A class of related nutrients colloquially called 'Vitamin P' sharing a similar structure, subdivided into further classes; moderately well researched and causative of many benefits associated with vegetable intake.

This page features 2 unique references to scientific papers.


In Progress

This page on Bioflavonoids is currently marked as in-progress. We are still compiling research.

'Bioflavonoids' are a class of nutrients found in plants that share one of three similar structural backbones; a simple disambiguation of their structures and subcategories can be found here.

They are broken down into Flavones, Isoflavonoids, and Neoflavonoids initially. Each of these categories can be broken down further, but this page encompasses them all.

There are some properties that these compounds possess that is common to their structure, and some differences exist between compounds because of their structure. For example, due to their structure Isoflavonoids are more potent at interacting with estrogen when compared to Flavones.[1][2]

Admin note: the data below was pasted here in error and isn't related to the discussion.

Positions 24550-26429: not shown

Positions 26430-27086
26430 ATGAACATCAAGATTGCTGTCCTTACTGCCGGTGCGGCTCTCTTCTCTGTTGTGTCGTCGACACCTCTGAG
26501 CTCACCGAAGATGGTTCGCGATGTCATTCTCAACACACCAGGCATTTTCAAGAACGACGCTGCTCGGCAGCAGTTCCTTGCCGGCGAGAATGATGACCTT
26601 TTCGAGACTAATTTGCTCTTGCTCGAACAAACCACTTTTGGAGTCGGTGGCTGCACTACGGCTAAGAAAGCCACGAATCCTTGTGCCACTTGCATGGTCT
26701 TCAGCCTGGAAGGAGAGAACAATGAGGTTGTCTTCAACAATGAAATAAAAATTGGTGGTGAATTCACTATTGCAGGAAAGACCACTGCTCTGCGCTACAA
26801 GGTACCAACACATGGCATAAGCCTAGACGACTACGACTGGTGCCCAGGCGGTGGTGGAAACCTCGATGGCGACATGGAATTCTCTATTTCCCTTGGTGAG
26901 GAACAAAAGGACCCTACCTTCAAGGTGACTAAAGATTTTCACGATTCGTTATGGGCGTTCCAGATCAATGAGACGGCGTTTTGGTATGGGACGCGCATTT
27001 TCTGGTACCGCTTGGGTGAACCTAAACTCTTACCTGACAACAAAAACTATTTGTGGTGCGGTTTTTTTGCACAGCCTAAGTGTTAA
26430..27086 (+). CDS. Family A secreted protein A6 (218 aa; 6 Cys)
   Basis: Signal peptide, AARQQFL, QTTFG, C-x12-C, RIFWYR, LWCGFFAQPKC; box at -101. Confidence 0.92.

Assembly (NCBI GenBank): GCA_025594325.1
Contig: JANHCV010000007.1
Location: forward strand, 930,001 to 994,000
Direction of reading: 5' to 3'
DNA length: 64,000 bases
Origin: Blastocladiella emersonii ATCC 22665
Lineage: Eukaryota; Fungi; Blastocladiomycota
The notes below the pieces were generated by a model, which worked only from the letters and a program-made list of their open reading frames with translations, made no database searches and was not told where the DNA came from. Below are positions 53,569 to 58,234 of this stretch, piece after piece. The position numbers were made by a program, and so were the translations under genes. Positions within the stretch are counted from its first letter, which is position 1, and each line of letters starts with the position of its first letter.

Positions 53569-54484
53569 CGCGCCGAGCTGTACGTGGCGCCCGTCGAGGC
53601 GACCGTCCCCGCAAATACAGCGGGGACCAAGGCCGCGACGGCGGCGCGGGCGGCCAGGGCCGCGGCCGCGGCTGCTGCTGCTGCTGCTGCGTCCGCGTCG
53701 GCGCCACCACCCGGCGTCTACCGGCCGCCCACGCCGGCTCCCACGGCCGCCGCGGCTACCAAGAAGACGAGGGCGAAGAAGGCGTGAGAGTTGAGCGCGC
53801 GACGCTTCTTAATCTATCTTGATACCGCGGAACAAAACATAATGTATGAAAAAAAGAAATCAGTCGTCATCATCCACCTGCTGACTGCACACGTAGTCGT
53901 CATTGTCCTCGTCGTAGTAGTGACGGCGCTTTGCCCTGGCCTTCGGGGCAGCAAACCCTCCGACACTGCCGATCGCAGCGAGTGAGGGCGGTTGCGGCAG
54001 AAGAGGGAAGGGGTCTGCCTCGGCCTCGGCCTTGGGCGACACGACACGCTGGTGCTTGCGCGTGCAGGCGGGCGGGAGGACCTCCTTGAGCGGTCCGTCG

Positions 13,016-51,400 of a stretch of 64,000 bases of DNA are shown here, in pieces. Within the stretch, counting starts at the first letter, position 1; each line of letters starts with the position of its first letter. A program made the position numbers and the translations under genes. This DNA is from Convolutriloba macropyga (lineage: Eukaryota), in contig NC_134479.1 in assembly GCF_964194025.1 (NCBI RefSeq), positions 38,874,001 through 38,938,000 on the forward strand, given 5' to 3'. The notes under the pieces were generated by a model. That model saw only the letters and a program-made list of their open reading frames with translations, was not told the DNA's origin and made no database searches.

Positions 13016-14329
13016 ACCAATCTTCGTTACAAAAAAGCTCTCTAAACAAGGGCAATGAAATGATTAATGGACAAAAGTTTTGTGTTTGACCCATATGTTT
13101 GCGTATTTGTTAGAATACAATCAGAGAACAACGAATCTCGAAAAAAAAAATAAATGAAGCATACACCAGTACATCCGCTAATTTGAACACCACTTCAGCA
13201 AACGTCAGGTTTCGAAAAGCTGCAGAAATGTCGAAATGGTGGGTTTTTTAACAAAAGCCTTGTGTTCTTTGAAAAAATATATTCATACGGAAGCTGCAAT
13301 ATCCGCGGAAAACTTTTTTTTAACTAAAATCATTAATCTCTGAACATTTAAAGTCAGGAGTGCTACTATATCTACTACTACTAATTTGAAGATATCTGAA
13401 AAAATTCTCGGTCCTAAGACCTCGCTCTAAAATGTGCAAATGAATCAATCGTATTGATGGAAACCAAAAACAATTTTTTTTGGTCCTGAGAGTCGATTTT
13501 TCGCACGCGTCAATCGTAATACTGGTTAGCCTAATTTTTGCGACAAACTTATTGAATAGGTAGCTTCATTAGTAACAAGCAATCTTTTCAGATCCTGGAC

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Editors' Thoughts on Bioflavonoids

The effects of bioflavonoids can sort of be grouped together into a 'General Overview' when getting them from foods.

They tend to be anti-carcinogenic, regulate hormonal status (although not too potently) and can confer long term benefits to bone and fat metabolism (stronger bones with lesser risk of osteopenia, less fat in the future although its a hard to place causation on bioflavonoids for this).

When supplemented, and taken away from foods, it is best to treat each molecule on an individual basis. A simple change can mean a world of a difference, and especially for this class dose is important.

Kurtis Frank

(Common misspellings for Bioflavonoids include bioflavinoids, bioflavanoids, flavinoids, flavanoids, falvanoids, falvinoids, bioflavonoid, bioflavanoid)

(Editors who contributed to this page include , )